[pley-boo k] /ˈpleɪˌbʊk/
(in Elizabethan drama) the script of a , used by the actors as an acting text.
a containing the scripts of one or more .
Football. a notebook containing descriptions of all the and strategies used by a team, often accompanied by diagrams, issued to players for them to study and memorize before the season begins.
Informal. any plan or set of strategies, as for outlining a campaign in business or politics.
a book containing a range of possible set plays
a notional range of possible tactics in any sphere of activity
also play-book, 1530s, “book of stage plays,” from play (n.) + book (n.). Meaning “Book of football plays” recorded from 1965.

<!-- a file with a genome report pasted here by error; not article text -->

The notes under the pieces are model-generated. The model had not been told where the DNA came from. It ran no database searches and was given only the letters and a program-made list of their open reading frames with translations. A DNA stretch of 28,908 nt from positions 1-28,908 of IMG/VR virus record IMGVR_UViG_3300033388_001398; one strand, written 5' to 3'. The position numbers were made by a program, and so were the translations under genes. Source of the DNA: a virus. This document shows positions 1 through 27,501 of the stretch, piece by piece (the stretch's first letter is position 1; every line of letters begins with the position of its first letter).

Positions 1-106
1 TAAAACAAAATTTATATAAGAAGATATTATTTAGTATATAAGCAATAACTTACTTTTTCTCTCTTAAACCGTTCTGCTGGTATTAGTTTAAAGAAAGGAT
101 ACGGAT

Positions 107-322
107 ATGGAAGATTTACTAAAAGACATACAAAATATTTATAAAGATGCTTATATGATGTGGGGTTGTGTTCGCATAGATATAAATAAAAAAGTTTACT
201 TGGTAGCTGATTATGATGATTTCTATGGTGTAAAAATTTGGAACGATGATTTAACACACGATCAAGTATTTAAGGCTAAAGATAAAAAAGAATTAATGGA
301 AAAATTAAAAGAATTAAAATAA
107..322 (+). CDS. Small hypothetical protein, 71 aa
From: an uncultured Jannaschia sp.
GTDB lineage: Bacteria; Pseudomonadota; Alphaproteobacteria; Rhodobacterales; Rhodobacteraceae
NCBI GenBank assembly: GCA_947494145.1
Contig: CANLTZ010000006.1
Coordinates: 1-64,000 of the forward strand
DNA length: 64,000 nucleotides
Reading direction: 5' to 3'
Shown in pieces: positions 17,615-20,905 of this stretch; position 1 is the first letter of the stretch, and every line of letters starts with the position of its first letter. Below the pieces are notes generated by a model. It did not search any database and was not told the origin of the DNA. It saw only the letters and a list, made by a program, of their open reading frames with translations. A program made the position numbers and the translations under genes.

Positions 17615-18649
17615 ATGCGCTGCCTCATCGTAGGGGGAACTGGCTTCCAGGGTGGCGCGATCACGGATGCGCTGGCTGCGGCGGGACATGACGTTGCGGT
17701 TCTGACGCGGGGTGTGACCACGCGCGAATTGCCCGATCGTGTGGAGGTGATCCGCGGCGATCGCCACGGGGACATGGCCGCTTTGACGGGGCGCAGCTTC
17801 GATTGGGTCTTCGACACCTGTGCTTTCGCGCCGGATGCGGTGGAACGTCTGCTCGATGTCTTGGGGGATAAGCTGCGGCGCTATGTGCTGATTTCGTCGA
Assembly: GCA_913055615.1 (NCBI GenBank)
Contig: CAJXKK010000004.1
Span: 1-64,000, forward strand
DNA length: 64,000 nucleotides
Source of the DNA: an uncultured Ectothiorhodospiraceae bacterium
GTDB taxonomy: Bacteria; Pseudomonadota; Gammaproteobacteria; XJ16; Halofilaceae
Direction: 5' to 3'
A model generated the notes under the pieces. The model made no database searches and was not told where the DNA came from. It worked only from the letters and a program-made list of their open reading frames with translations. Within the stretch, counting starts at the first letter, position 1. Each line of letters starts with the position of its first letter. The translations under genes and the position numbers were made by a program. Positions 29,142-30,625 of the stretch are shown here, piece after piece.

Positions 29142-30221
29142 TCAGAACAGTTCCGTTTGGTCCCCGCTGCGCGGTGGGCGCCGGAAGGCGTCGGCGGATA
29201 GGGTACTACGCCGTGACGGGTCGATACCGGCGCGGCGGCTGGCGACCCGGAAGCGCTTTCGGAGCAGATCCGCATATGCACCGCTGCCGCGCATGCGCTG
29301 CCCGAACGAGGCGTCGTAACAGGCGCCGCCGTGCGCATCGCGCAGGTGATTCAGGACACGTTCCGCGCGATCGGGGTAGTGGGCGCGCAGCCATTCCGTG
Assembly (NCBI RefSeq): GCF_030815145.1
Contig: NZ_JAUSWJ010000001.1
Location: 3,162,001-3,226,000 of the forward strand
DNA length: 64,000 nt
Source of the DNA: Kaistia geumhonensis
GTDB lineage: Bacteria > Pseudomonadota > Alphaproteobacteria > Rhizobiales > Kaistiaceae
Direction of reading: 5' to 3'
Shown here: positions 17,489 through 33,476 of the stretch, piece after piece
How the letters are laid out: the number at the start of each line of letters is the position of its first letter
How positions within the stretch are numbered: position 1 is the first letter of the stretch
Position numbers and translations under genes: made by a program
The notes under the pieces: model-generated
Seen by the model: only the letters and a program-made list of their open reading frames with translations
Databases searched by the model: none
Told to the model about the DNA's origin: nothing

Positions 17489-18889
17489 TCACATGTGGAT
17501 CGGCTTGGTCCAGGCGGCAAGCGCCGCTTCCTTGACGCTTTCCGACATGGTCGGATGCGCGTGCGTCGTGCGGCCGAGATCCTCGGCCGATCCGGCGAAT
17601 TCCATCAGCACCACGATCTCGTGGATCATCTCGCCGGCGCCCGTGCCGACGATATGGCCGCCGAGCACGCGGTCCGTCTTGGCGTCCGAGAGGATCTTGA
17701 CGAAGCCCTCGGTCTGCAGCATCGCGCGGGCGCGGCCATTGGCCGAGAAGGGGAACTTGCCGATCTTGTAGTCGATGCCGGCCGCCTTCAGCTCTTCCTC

- Play bouncy-bouncy
verb phrase To do the sex act, esp in the superior position; copulate: He keeps cool while she plays bouncy-bouncy on him (1960s+)
[pley-boi] /ˈpleɪˌbɔɪ/ noun 1. a man who pursues a life of pleasure without responsibility or attachments, especially one who is of comfortable means. /ˈpleɪˌbɔɪ/ noun 1. a man, esp one of private means, who devotes himself to the pleasures of nightclubs, expensive holiday resorts, female company, etc n. 1829, “wealthy bon vivant,” from play (v.) […]
noun 1. a satiric comedy (1907) by John Millington Synge.
[pley-broh-ker] /ˈpleɪˌbroʊ kər/ noun 1. .